Today is my sister Nancy’s birthday. If you are old enough to remember, Frank Sinatra sang a song about his daughter Nancy. It was called “Nancy, with the laughing face.” That was my sister. She was always smiling and making jokes – and she had little reason to laugh.
Nancy was born with a lung disease called Cystic Fibrosis, but at that time the disease was not yet named. My parents were told that she had asthma and that’s what we all believed to be true. Nancy’s breathing at times was labored and when she became upset, she could become sick. I was actually jealous of Nancy when we were told that we could not leave the table until we finished (whatever it was) and then she would begin to gag and toss up whatever we were being “forced” to eat. “Gee” I wondered, “How do you do that?” because I always had to stay at the table and eat, while Nancy was excused.
We did not know that Nancy had CF until she was about 15. Until that time, her ENT (ear, nose and throat) doc was treating her for sinus problems! For the record, he never spoke to us after Nancy was tested for, and diagnosed with, CF. I really never forgave him for that.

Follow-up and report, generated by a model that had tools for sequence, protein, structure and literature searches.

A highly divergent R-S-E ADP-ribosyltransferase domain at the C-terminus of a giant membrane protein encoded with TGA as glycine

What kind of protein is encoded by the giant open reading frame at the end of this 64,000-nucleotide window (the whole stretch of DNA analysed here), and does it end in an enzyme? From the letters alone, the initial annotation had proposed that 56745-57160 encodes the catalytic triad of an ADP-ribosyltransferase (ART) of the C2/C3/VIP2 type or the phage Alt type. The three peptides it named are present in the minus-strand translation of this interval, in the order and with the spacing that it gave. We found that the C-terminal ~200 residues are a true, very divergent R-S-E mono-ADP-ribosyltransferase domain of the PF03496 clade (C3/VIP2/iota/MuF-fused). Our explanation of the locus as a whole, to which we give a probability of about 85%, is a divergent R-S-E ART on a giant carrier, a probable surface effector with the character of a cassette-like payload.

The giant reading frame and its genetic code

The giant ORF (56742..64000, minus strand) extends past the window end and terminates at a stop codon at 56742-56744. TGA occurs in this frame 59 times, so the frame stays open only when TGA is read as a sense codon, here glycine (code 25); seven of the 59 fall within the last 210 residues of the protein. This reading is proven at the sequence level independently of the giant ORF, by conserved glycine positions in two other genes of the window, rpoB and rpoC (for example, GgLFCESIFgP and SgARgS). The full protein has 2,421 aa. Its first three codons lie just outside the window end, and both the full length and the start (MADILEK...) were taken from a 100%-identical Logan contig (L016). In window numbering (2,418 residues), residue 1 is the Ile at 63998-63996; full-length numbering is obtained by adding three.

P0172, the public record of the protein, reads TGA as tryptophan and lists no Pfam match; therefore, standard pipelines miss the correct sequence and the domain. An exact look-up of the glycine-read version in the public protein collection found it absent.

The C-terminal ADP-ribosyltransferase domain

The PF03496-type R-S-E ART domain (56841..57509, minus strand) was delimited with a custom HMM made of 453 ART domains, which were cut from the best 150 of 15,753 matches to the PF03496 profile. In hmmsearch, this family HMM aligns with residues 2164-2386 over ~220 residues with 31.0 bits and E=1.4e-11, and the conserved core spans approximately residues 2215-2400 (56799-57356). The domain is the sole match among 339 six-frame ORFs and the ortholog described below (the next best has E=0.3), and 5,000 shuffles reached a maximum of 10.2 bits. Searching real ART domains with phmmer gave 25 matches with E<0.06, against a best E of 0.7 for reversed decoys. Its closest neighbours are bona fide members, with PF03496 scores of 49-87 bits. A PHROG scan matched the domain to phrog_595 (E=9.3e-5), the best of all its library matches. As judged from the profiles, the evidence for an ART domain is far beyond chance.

Back to Nancy. She was not supposed to have children because it was too much of a risk. But for Nancy, not having kids was a much greater risk. I am sure that she wanted to leave a legacy because she knew that her time here was limited. She raised two boys, Jimmy and Wayne, and they were her reason for living. She was so proud of them… and I think now I know that she knew she would live on through them.
The last time I talked to my sister she told me a joke: A woman goes to the doctor and says,”Every time I sneeze I have an orgasm.” And the doctor replies, “And what are you taking for this?” and the woman replies “Pepper.” It was so like her to make me laugh at a difficult time – for Nancy was getting ready for a blood transfusion. And, unfortunately, it was too much for her ravaged body to handle. At the young age of 34, we lost Nancy.
One of her doctors asked my sister and me if we would consider donating Nancy’s eyes – for they were not damaged by her disease- and could help someone see. One solace in losing Nancy, is knowing that someone has gained their sight. And if they also had Nancy’s eyes, they would be beautiful.
Today, in honor of my sister Nancy, I brought an Apple Pie to the Pulmonary Consultants of Medford, for they help people who have Cystic Fibrosis. I wanted to thank them for helping their patients who are suffering. It is my fervent wish that this disease be eliminated.
My sisters Janice, Nancy and Me